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Learning from Past Crimes in Canada

January 2, 2013

This came from a reader named Len.  I thought it was so good that I want to post it rather than have it buried as a comment.

Dagenias

Bob and Bonnie Dagenais

Len writes,

“Canada had gun control legislation since February, 1995.  In 2002, two retired school teachers, Bob and Bonnie Dagenais, were facing imminent death from marauding burglars in their Val des Monts cabin.  (Quebec, Canada)   Bonnie got on the phone to call the QPP (Québec Provincial Police) for help.  Do you see the problem here?  They had no firearms.  They had to call someone else to come help them when death was a few moments away.  They were shotgunned to death before police arrived.

In my experience, the mere sight of a defensive firearm would have stopped the assault.  That is what Wayne LaPierre and the NRA said last week; the only way to stop a bad guy with a gun is with a good guy with a gun.

“Bob Dagenais was shot dialing the police.  Bonnie dialed 911, the good guys with guns, but they were 30 minutes away.  She died with 911 on the phone and the murder was recorded by police.

“Surely with all the journalism professionals you have in the US, at least one should have the cognitive mien to get it.  The Canadian reporters didn’t report that the reason the Dagenais were calling the police to come save them was because the couple didn’t have the tools to save themselves.  Wouldn’t it have been better if they’d had a gun rather than a phone at their moment of extreme peril?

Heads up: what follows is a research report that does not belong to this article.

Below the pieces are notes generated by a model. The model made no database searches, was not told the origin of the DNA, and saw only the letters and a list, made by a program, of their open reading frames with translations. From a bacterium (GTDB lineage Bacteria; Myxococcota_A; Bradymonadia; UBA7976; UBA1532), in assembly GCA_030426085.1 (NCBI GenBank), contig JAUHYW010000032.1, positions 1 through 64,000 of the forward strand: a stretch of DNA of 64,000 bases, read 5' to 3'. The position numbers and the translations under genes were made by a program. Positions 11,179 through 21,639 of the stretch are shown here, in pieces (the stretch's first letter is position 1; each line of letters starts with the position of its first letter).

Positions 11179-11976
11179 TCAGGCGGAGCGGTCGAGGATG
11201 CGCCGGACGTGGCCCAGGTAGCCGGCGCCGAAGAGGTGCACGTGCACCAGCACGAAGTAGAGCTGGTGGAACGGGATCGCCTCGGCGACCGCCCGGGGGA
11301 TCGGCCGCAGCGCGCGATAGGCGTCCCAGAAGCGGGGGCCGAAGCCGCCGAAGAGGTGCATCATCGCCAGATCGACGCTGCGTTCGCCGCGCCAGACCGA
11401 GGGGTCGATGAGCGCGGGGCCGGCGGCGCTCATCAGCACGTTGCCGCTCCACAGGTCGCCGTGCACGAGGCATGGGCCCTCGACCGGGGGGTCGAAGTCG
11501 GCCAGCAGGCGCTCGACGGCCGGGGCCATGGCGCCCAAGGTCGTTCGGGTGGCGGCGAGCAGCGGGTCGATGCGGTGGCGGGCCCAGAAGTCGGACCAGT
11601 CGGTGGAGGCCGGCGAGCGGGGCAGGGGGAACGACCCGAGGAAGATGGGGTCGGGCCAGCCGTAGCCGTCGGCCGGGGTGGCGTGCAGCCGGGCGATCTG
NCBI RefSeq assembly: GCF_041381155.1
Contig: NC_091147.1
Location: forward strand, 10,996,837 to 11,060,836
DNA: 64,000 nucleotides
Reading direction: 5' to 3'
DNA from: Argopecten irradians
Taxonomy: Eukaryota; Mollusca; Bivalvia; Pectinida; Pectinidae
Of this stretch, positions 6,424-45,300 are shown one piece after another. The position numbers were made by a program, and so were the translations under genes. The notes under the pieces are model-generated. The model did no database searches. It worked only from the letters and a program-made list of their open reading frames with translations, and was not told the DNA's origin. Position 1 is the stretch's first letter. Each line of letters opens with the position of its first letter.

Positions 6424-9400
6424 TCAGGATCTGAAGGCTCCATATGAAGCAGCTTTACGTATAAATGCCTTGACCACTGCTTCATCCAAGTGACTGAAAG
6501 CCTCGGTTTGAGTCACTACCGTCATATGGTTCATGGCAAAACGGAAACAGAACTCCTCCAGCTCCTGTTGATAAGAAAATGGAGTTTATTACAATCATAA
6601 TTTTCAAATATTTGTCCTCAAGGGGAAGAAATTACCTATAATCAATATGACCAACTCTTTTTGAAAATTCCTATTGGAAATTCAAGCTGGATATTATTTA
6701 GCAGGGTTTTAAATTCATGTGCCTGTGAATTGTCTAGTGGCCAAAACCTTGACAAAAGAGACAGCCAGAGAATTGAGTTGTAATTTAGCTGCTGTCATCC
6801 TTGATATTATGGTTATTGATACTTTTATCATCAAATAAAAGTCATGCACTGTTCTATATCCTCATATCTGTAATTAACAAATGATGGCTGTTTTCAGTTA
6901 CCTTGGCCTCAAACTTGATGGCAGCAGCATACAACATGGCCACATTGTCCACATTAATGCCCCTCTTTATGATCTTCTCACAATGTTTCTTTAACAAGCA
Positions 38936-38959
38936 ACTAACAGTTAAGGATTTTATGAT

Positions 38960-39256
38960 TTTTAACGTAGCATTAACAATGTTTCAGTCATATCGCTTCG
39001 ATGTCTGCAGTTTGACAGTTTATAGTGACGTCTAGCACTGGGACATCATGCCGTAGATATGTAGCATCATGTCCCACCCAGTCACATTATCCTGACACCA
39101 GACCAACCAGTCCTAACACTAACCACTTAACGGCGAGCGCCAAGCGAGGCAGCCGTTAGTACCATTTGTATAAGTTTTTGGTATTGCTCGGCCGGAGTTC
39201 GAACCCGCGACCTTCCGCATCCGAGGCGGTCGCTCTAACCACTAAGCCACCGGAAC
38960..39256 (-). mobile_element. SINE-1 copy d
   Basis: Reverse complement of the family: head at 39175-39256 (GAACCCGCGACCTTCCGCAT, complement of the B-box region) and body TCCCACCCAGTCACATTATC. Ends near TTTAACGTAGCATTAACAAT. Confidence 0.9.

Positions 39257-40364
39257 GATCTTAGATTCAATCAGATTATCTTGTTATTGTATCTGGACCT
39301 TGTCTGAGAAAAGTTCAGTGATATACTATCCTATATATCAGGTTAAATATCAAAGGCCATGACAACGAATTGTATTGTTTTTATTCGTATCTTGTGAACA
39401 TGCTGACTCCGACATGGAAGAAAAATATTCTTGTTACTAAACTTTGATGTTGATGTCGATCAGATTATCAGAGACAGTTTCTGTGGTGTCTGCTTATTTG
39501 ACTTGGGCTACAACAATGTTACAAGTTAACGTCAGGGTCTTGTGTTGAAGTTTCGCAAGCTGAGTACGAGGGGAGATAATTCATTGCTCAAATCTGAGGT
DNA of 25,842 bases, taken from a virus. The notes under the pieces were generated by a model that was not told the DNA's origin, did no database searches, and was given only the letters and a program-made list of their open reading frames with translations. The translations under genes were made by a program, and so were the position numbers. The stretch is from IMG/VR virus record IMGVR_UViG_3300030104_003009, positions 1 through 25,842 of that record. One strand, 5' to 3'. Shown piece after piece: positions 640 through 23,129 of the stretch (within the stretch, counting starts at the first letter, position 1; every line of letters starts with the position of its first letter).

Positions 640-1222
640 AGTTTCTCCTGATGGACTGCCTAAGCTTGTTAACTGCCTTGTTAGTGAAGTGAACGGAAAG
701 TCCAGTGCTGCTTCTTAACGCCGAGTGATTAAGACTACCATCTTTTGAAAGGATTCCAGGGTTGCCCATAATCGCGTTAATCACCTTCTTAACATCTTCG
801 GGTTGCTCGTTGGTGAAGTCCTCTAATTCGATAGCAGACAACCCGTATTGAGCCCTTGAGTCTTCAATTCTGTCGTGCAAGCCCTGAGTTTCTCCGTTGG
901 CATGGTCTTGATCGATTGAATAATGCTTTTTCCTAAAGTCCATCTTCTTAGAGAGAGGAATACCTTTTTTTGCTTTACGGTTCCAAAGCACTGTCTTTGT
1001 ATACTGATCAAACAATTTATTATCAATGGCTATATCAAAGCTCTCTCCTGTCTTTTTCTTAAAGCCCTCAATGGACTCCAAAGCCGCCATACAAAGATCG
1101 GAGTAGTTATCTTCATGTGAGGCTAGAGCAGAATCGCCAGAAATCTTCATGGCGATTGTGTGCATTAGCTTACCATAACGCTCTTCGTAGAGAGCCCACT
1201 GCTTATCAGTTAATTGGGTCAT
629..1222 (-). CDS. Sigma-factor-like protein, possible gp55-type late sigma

“When you call 911, you are calling for a gun.  If we’d leaned that lesson the first time, we would be saving lives today.”

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Val des Monts Cabin

Here is something Len did not say.  For thirty years Len was the person people called for help, that “good guy with the gun”.  He was, and is, a peace officer, though now retired in British Columbia.  He knows he would have protected the Dagenias if he’d been there.  He knows they could have protected themselves if they were similarly armed and trained.  Imagine how a peace officer feels as time and again you arrive after the crime is committed.    No matter how many times you see a victim, a peace officer is silently screaming “Why didn’t you protect yourself!”

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Dagenais Funeral

Thank you, Len.  Thank you, peace officers everywhere.  We need your voice now more than ever.  We need to learn from your experience because many of us have not yet learned to protect ourselves.

Related posts-

Until Help Arrives

the Gun-Show Army

Pop the Bubble of Invulnerability

~_~_

Rob the grateful.  Please add your voice.  What do you have to say?

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